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Health Benefits of Soaking Almonds

almonds

Discover the nutrient benefits of soaking raw almonds!

Discover The Health Benefits of Soaking Almonds

Almonds are considered, by nutritionists, to be the healthiest, most nutritious nuts of all.

Almonds are a rich source of protein containing fiber, omega-3 and 6 fatty acids, vitamin E, magnesium, calcium, and zinc.

Almonds are also difficult to digest because of an enzyme inhibiting substance in their brown coating.

The enzyme inhibitor is there to keep the almond more intact until it is ready to sprout into a tree.

For humans, the inability of the nut to release its enzymes interferes with the digestive process makes digestion more difficult, and creating the loss of nutrient value of the almond.

Solution? Soaking eliminates the problem.

The key to maintaining the nutrient value is to only use almonds that are raw.

The eating and soaking process are practically useless if the almonds are pasteurized or roasted since both processes destroy the almonds healthy enzymes.

No Enzymes — No Digestion!

Unfortunately for us, a recent law requires all almonds grown in the U.S. to be pasteurized.  And yet the USDA still allows these processed almonds to be called raw even though they no longer are.

Don’t be fooled.  The so-called raw almonds found in health food stores are all pasteurized!

The law is weird. Almond farmers can sell raw unpasteurized almonds from roadside stands or mail order but not to food distributors or markets.

Another good source of true raw unpasteurized almonds is imported raw almonds.  You can find them at www.livingnutz.com, (they are reasonably priced) or Google raw almonds on the Internet and several other sources will show up.

All almonds have the protective brown skin which contains the harmful tannic acid and enzyme inhibitors.

Soaking removes harmful tannic acid and enzyme inhibitors making the nuts easy to digest and releasing their full nutritional value.  Soaking also makes the nut softer and easier to chew.

Always chew nuts thoroughly, whether soaked or not. Big chunks of un-chewed nuts can be hard on the digestive tract.

In addition, all nuts contain phytic acid in their outer layer or bran.  Untreated phytic acid can form insoluble or nearly insoluble compounds with many metal ions, including those of calcium, iron, magnesium and zinc.  These compounds reduce dietary availability.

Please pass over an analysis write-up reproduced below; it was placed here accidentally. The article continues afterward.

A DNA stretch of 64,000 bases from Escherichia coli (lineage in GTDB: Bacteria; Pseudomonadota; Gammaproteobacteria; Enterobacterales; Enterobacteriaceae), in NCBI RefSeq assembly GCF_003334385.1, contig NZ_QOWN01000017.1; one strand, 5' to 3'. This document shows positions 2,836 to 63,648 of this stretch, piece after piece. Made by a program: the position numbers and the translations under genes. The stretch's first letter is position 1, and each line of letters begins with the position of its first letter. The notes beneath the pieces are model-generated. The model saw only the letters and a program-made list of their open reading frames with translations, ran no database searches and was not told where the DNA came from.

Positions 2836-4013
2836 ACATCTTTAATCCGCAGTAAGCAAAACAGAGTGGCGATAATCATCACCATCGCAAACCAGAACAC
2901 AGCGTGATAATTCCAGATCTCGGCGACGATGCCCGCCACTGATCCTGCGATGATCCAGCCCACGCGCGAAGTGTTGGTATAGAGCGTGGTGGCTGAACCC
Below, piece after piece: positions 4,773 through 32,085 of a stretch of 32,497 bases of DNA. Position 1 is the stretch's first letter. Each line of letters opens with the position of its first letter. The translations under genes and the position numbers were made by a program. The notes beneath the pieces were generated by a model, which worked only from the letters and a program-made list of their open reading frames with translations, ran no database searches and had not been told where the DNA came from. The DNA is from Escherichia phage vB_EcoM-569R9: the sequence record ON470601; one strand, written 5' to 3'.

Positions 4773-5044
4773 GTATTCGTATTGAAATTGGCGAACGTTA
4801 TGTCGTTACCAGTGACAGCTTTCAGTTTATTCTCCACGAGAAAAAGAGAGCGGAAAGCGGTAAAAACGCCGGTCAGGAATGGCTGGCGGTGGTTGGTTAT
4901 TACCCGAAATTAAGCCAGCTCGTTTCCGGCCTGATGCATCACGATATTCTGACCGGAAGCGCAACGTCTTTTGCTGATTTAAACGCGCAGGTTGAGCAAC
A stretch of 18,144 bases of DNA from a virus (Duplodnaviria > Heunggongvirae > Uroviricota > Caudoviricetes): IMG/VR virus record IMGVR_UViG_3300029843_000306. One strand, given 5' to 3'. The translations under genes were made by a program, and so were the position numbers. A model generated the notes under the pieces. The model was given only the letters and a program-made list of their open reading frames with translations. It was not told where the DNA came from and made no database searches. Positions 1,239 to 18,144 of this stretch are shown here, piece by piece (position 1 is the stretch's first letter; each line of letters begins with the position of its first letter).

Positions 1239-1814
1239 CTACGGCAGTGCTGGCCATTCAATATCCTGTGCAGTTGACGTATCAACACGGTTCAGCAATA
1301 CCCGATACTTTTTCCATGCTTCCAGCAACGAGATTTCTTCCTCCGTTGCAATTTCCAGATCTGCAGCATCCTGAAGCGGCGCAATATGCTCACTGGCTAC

Soaking decreases the levels of this phytic acid.

Procedure:

Soak the almonds in cool water and drain the soaked water after 20-40 minutes. Add fresh water and continue the soaking for another 8-12 hours.

Be sure the water covers all the almonds.  Cover the bowl with something breathable like a cloth towel and leave the bowl in a warm place (room temperature).  In the morning you can drain the water and eat them.

Eating 6 soaked almonds in the morning is recommended by many nutritionists.  If you have soaked more nuts than six, refrigerate them after draining and drying on a paper towels.

If you want to continue to sprout them, you can.  They make one of the best sprouts.  Being that the almond skin is potentially irritating to the lining of the stomach and intestines, the almonds should be blanched following the soaking.

To blanch almonds:

  • Place the soaked almonds in a saucepan of boiling water for 7 seconds.
  • Immediately remove from heat and drain.
  • Cover almonds with cold water to cool.
  • Press each almond between thumb and forefinger to slip off skin.
  • Dry almonds on paper towels.

You can also try blanching them in hot water from your faucet for 15 – 30 seconds.

The same soaking benefits apply to most nuts with a brown skin, but not to nuts with white skin like macadamias or pine nuts.

Taking the time to soak your almonds before eating is always worth the effort.  So be sure you soak them first to obtain the fully enhanced benefits of this power food.

Get your day off to a roaring start.  Add 6 blanched raw almonds to your oatmeal in the morning.